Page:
New, on Wednesday nights, is Nomad University, which allows guests to learn crafts from experts, whether mixing cocktails or DJing or practically anything else. It’s a chance for instructors to market their skills and for students to try new things, all consistent with a philosophy Hudson and Richards ascribe to that characterizes the Nomad experience: Do what you love and do it with passion.

Shakespeare on the Green, A Summertime Staple in Omaha

June 21, 2011 9 comments

Before you get the idea that the only thing happening this summer in my hometown is the Omaha Black Music and Community Hall of Fame Awards and Native Omaha Days, here’s a heads-up for this year’s rendition of the annual Shakespeare on the Green festival. The popular event has been packing them in for performances of the Bard’s plays at Elmwood Park for 25 years. The following story for Omaha Magazine gives a brief primer for how the fest started and what to expect at it. This blog is full of stories about and links to Omaha cultural attractions. It used to be people complained there wasn’t enough to do here, but now it’s quite the opposite – there’s so much to do that it’s hard choosing among the bounty.

 

 

Shakespeare on the Green, A Summertime Staple in Omaha

©by Leo Adam Biga

Originally appeared in Omaha Magazine

When the annual Shakespeare on the Green festival returns this June and July, alternating two professional productions of the Bard’s work, it will mark the 25th season for one of Omaha‘s summer entertainment staples.

Over that time the free outdoor event has played to more than a half-million spectators in a tucked-away nook of Elmwood Park adjacent to the UNO campus.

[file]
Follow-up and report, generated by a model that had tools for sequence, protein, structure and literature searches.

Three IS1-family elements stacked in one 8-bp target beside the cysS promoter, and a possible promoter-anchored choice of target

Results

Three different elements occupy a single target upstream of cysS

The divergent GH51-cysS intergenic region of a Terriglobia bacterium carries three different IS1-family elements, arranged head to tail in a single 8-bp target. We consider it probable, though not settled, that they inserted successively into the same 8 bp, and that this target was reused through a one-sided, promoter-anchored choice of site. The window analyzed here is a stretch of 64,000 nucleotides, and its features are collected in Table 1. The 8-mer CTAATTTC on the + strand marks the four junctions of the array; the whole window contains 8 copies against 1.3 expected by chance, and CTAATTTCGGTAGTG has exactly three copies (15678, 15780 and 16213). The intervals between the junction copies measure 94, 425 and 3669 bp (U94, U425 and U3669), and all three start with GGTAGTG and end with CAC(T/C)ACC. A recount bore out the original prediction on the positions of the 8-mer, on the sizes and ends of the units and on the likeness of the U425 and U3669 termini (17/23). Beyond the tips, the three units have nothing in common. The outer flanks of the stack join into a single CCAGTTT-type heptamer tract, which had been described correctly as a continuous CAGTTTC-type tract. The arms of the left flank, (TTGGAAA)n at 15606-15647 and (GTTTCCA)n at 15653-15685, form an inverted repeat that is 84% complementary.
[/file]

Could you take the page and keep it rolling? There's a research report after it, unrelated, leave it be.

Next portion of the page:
The play’s certainly the thing at these relaxed evenings on the green and under the stars but the lively pre-show has its own attractions:

•food and souvenir booths

•interactive activities for youths

•live musical performances

•educational seminars to brush up your Shakespeare

•Two-Minute Shakespeare quizzes where the audience tries stumping the actors

•assorted jugglers, jesters and merrymakers.

On select nights Camp Shakespeare performances let school-age kids “speak the speech.” On June 26 Will’s Best Friend Contest invites dog owners to show off their pooches in Shakespearean splendor.

Co-founders Cindy Phaneuf and Alan Klem say the festival found a loyal following right from the start. The come-as-you-are ambience, bucolic site and free shows are hard to beat.

“We really woke up the space,” says Phaneuf. a University of Nebraska at Omaha theater professor.. “It’s a gorgeous location — 3.7 acres, naturally slanted, protected by trees, gobs of parking. Once you go down the hill it’s like you’re in a magical little world.”

 

Cindy Phaneuf

 

Whether a brooding tragedy or a lilting comedy an average of 2,000-plus folks flock to each performance. This year’s contrasting shows are A Midsummer Night’s Dream and Hamlet.

Phaneuf says some favorite memories are “the hushed silence of the crowd, the laughter that ripples from the front to back row and spontaneous standing ovations.” She likes that families make Shakespeare “part of their summer… part of their growing up.” Many fans return year after year to soak up the language, the outdoors and the communal spirit.

“It was always about the highest quality art we could possibly create but we also wanted an event where everyone felt comfortable,” says Phaneuf. “Shakespeare seems somewhat elitist but then we put it in an open environment, in a park, right in the middle of the city and it’s very inviting.

“The other thing that’s made it so lasting is we wanted everyone to feel they owned it — that it didn’t just belong to the board and to the people making the plays. If you cater only to a small faction it will not continue to grow and thrive, it will start to wither and die, and so that was really important to us.”